EU opens case against Poland over new media, court laws

BRUSSELS (AP) — The European Union on Wednesday escalated its standoff with Poland’s new government, deciding to open a case over new laws affecting the country’s constitutional court and media that have been criticized as running counter to the bloc’s fundamental principle of the rule of law.

EU Commissioner Frans Timmermans said his executive will carry out a preliminary assessment — the first step in a drawn-out procedure that could ultimately lead to suspending Polish voting rights in the 28-nation bloc.

Timmermans said he wanted specific explanations about changes in procedure at the constitutional tribunal “which could potentially limit the leeway for action in the court and increase political influence” on it.

The debate is seen in Poland as undue meddling in national affairs and in Brussels as a potential danger that democratic standards in the bloc’s members may be slipping.

“Poland is an extremely important member state,” Timmermans said.

In Warsaw, Prime Minister Beata Szydlo defended her government’s moves.

“Poland has the right to take sovereign decisions concerning the course of home affairs or how the media need to be organized. This is a sovereign decision of any state, including Poland,” Szydlo said.

The Polish government said Timmermans has been invited to Warsaw for talks on the Polish laws.

In December, Poland’s ruling Law and Justice party, which has a parliamentary majority, took steps to gain influence in the constitutional tribunal, which is supposed to be an independent arbiter with the power to block the government’s legislation. It is currently dominated by judges linked to the opposition.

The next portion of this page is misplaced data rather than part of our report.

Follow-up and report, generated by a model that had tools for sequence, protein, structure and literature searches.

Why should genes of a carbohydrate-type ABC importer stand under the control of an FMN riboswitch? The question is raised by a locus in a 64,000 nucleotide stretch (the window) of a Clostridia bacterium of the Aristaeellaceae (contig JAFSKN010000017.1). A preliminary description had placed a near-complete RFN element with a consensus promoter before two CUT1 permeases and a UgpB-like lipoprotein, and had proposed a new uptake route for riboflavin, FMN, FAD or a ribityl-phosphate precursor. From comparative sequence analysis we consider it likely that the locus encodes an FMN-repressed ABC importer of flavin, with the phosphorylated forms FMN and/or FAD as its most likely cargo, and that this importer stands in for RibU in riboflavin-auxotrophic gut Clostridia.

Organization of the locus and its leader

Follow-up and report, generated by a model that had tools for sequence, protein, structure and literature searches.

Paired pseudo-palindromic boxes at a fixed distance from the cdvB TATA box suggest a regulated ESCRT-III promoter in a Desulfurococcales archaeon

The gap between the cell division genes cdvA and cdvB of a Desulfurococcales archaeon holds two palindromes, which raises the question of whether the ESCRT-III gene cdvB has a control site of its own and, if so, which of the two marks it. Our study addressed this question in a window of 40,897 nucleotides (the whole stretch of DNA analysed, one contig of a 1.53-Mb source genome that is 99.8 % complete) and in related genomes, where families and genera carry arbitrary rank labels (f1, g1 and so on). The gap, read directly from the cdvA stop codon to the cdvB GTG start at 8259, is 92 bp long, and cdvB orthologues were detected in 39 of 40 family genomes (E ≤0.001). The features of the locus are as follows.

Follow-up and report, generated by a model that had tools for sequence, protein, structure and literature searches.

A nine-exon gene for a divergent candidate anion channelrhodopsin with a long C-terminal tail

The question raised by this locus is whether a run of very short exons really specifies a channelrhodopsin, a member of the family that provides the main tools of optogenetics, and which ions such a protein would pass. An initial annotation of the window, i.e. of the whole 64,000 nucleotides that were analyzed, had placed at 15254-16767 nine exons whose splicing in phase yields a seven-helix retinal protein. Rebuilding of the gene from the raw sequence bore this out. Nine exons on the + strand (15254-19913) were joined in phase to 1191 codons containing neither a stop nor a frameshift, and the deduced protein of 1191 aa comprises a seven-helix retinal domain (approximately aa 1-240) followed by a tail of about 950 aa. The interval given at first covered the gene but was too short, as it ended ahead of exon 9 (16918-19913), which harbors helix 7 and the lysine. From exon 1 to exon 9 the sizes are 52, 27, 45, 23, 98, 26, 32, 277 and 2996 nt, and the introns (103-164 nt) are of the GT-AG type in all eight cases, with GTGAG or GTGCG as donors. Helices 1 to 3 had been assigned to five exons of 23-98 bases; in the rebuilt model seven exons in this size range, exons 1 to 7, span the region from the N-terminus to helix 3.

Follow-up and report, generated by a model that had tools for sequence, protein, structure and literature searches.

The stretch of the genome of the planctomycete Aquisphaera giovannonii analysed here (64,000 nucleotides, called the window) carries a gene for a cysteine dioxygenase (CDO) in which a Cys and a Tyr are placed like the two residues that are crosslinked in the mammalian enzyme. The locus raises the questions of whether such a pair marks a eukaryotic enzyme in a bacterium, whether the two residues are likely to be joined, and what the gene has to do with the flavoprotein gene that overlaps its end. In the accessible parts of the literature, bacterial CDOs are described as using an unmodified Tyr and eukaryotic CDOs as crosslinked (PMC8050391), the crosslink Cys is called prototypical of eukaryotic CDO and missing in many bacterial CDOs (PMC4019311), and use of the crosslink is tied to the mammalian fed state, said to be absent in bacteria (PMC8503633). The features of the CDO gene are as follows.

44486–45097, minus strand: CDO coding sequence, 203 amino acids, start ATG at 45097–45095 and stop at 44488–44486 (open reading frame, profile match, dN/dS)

In addition, Poland’s president signed a law last week that heads toward giving the government full control of state radio and television, a move that critics see as undermining free speech.

Even before Wednesday’s announcement, the Polish government criticized the EU for wading into Polish affairs.

“In the future, please have more restraint in instructing and reprimanding the parliament and the government of a sovereign, democratic country,” Polish Justice Minister Zbigniew Ziobro wrote to Timmermans.

On Wednesday, Timmermans said “regardless of the tone of the letter, it is clear they want to have a discussion with us.”

The EU has had similar issues with Hungary, whose Prime Minister Viktor Orban, a recalcitrant member on many EU issues, has stressed his support for Poland.

The EU has never had to move toward suspending the voting rights of a member state.

The threat of such a measure and the long procedure “worked in the case of Orban’s overreach in Hungary,” said Guy Verhofstadt, the leader of the ALDE liberal group in the EU Parliament, who urged Timmermans to “do the same before the situation in Warsaw gets out of control.”

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Scislowska reported from Warsaw

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